‘More than a toy… he’s your best friend.’
Child’s Play is a 2019 American horror feature film directed by Norwegian Lars Klevberg (Polaroid) from a screenplay by Tyler Burton Smith (Kung Fury 2 and Quantum Break and Sleeping Dogs video games). David Katzenberg (IT) and Seth Grahame-Smith (IT) are producing the MGM/Orion movie which stars Aubrey Plaza, Brian Tyree Henryn, and Gabriel Bateman (Lights Out).
A mother (Aubrey Plaza) gives her son (Gabriel Bateman) a Buddi toy doll for his birthday, unaware of its more sinister nature…
Previously, The Hollywood Reporter‘s Richard Newby had noted: “While discussions of a Child’s Play reboot have been bounced around for years, the news comes as something of a surprise given that the Child’s Play franchise, since rebranded as the Chucky franchise, is still ongoing, and stronger than ever. As one of the few horror franchise’s to be born out of the era to hold onto a single continuity, the news of a reboot feels like a blow to horror fans.”
Meanwhile, Child’s Play creator Don Mancini, who is developing a Child’s Play TV series, plus more film sequels to follow the favourably received Cult of Chucky (2017), has expressed his dissatisfaction with MGM’s decision to suddenly develop a reboot – without his involvement – and posted a link to The Hollywood Reporter article quoted above. Chucky fans have been quick to support Mancini’s dismay.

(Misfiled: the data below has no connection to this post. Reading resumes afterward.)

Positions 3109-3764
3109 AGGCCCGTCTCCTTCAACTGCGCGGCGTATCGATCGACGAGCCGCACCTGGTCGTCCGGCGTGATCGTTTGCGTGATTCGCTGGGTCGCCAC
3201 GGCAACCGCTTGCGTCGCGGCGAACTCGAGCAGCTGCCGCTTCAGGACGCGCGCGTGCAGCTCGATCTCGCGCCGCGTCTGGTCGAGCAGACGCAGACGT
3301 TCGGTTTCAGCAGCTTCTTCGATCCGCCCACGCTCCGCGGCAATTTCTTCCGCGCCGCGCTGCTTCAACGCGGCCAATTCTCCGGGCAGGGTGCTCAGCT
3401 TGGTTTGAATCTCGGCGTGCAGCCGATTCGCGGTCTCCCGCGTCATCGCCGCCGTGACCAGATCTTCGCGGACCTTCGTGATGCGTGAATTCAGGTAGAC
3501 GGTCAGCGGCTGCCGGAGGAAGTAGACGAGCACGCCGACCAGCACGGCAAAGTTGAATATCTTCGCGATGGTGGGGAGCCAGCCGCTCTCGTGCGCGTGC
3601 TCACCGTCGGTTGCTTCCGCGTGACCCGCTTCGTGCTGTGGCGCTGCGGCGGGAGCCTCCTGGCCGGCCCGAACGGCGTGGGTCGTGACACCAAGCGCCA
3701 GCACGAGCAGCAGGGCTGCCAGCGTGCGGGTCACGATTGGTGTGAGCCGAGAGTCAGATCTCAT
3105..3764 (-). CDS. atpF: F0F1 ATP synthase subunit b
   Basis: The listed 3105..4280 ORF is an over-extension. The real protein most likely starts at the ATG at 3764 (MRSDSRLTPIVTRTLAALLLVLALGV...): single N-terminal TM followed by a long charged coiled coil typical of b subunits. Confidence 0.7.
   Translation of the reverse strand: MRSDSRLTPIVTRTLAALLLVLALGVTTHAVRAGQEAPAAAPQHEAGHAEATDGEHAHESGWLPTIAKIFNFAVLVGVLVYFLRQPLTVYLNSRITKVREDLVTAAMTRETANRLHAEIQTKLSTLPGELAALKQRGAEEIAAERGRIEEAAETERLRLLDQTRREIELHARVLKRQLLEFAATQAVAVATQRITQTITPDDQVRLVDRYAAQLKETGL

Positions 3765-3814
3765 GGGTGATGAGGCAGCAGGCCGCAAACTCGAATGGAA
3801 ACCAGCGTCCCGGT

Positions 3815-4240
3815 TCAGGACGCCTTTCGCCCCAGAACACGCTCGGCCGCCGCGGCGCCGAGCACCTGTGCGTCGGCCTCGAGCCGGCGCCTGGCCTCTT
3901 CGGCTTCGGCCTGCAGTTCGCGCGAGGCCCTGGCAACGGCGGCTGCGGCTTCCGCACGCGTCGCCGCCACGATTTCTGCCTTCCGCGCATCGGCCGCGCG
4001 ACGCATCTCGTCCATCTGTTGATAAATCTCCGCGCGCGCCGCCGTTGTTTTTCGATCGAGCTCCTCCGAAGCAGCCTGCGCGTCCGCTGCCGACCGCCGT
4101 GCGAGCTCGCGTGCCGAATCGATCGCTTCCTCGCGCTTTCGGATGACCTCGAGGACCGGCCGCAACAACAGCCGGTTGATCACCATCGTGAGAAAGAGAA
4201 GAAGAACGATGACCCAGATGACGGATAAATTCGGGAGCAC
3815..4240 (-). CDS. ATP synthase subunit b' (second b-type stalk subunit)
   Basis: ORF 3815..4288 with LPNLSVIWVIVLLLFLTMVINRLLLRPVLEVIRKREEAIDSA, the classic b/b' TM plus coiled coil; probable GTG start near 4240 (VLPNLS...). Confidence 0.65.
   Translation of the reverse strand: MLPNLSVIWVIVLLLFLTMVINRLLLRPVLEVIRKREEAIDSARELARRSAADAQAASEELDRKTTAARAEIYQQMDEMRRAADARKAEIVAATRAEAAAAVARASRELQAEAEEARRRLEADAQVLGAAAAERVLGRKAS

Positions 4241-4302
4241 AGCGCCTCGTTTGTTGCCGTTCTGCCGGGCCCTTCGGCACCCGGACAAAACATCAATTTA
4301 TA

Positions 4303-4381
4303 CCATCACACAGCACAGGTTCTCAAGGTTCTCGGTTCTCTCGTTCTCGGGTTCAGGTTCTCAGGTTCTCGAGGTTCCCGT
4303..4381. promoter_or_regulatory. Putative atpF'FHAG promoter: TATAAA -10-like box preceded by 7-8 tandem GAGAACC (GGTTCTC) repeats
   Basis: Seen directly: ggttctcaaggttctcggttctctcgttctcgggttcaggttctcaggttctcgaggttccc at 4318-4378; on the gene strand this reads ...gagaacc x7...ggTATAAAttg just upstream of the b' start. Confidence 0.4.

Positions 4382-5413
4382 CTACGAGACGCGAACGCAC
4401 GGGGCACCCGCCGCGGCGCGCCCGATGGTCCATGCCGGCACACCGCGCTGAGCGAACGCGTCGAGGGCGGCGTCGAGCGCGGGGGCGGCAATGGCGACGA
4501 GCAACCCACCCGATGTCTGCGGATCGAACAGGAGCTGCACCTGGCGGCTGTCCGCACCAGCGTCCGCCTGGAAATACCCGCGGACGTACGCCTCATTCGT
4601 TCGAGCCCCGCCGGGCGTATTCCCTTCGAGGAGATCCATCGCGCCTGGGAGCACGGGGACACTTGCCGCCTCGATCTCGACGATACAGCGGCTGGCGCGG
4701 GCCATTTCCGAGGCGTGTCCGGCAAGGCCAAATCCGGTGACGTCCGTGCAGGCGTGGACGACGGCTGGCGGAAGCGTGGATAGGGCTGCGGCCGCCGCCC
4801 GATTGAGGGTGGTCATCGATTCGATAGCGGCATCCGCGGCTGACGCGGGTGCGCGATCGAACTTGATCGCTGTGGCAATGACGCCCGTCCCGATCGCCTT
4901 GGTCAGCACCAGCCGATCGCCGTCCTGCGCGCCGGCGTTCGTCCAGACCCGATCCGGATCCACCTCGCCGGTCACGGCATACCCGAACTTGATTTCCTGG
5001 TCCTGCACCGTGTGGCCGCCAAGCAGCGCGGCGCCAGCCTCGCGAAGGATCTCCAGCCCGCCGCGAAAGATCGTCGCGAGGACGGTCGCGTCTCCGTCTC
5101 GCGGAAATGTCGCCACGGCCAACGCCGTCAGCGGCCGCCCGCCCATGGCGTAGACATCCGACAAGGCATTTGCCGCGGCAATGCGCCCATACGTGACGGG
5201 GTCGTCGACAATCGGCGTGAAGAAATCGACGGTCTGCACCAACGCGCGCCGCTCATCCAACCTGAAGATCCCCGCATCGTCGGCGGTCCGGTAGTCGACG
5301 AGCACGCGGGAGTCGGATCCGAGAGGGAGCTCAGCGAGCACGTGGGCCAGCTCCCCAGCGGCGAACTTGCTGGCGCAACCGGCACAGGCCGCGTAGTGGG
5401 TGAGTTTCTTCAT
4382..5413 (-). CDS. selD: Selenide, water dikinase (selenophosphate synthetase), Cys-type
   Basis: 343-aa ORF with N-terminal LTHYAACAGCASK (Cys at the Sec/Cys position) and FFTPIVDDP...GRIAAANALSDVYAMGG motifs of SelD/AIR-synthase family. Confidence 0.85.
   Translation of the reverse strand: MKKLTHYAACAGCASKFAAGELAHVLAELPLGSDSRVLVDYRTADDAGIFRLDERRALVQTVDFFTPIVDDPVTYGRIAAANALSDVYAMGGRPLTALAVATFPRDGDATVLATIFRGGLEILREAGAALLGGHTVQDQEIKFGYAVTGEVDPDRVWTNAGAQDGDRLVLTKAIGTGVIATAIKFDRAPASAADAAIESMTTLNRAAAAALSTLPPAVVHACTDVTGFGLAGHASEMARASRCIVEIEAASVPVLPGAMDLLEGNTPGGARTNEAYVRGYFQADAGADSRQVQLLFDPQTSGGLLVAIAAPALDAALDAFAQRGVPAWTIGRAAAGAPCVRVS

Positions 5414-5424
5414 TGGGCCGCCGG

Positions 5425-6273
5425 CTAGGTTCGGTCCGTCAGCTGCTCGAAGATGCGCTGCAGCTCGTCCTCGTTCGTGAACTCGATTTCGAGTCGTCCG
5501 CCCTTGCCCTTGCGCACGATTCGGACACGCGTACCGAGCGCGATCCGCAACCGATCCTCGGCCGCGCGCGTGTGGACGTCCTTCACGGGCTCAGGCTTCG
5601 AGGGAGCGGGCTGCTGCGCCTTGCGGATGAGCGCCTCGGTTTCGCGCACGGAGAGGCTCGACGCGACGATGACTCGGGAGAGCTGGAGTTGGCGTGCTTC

Don Mancini has expressed further exasperation with the reboot in an interview with Mick Garris on the Post Mortem podcast. He said:
“MGM retained the rights to the first movie, so they’re rebooting that. They asked [producer] David Kirschner and I if we wanted to be executive producers. We said no thank you, because we have our ongoing thriving business with Chucky. Obviously, my feelings were hurt. You know, I had just done two movies… forgive me if I sound defensive, [they] were both at 83% on Rotten Tomatoes. Even though they didn’t get theatrical releases, they were well regarded. And I did create the character and nurture the franchise for three fucking decades.
“So when someone says, ‘Oh yeah, we would love to have your name on the film’… it was hard not to feel like I was being patronized. They just wanted our approval. Which I strenuously denied them. I hesitate to say too much about it because I don’t want to sound like I’m belly-aching too much. But the producers of that movie are the producers of IT (2017). How would they feel if there was some legal loophole that allowed David Kirschner and I to swoop in and make our own IT movie with our own version of Pennywise and say, ‘Hey guys, we would love to put your names on it.’ I imagine they wouldn’t like it. That’s how I feel.
“The people who are making that movie, they don’t know how that’s going to affect my livelihood. It’s not just a pay check. It’s very personal. MGM’s screwing with that… potentially.”
To listen to this episode of Post Mortem in its entirety, click here.
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